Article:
According to him (Judge Gbeisay), the AFL pension account is private money owned by the AFL personnel and that the Minister of Defense was correct in making himself, his deputy, and comptroller as signatories to the funds, in that the AFL is under the umbrella of the Ministry of Defense who administers the affairs of the AFL.
The AFL’s account was opened under the signatures of Co-defendant J. Brownie Samukai, Jr., former Minister of National Defense as “signatory A” and Defendant J. Nyumah Dorkor, former Comptroller of the Ministry of National Defense as “Signatory B” and Defendant Joseph P. Johnson, former Deputy Minister for Administration, Ministry of Defense, also as “signatory A.”
“As such,” the judge ruled, “Defendant Samukai is by law a fiduciary of the AFL.”
However, Gbeisay further ruled, “It is of the considered opinion that Samukai breached and abused his fiduciary duty to the men and women of the AFL when he selected to misuse their funds for purposes other than intended.”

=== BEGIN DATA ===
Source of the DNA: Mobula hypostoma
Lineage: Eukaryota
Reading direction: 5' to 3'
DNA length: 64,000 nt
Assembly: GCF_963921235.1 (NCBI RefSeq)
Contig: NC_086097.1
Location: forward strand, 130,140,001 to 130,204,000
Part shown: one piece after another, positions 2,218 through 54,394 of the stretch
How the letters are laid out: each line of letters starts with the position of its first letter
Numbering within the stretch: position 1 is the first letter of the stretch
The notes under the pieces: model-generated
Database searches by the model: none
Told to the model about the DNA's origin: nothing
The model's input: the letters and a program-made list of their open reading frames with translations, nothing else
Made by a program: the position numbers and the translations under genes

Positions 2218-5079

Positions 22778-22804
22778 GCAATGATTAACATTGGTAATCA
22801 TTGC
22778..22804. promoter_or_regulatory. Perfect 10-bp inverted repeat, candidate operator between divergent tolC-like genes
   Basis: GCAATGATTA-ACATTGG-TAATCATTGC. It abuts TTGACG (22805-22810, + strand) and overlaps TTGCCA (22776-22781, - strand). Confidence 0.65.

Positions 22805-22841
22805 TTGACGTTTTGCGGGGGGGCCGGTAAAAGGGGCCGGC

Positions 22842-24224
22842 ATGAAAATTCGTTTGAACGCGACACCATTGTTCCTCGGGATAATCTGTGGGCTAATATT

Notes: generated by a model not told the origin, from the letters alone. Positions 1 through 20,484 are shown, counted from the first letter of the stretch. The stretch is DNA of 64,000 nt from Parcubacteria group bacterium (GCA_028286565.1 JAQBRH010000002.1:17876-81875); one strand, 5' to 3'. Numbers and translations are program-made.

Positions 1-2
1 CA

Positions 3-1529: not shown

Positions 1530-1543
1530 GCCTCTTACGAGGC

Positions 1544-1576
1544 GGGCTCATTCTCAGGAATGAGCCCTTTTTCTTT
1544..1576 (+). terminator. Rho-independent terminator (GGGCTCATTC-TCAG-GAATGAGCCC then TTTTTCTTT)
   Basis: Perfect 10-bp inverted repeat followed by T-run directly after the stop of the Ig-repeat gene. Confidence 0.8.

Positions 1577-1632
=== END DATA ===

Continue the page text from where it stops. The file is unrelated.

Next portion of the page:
Earlier, the government had alleged that, of the total amount of US$1,259,462, co-defendant Samukai, with criminal mind, personally authorized and co-signed along with defendant Dorkor, a check for US$852,860 withdrawal, transferred and intentionally expended same, basically on activities that were already provided for under the National Budget of the government, such as AFL operations.
In addition, Samukai illegally paid US$50,000 as death benefits to the families of the late General Abdurrahman, who did not contribute anything to the fund while serving AFL as Chief of Staff; that money was misapplied. In the case of Co-defendant Johnson, the document claims that he authorized and co-signed a check along with co-defendant Dorkor, and caused the withdrawal and subsequent transfer of the sum of US$406,602 from the AFL Pension Account contrary to the intended purpose of the funds which was for supplementary pension package to personnel of the AFL.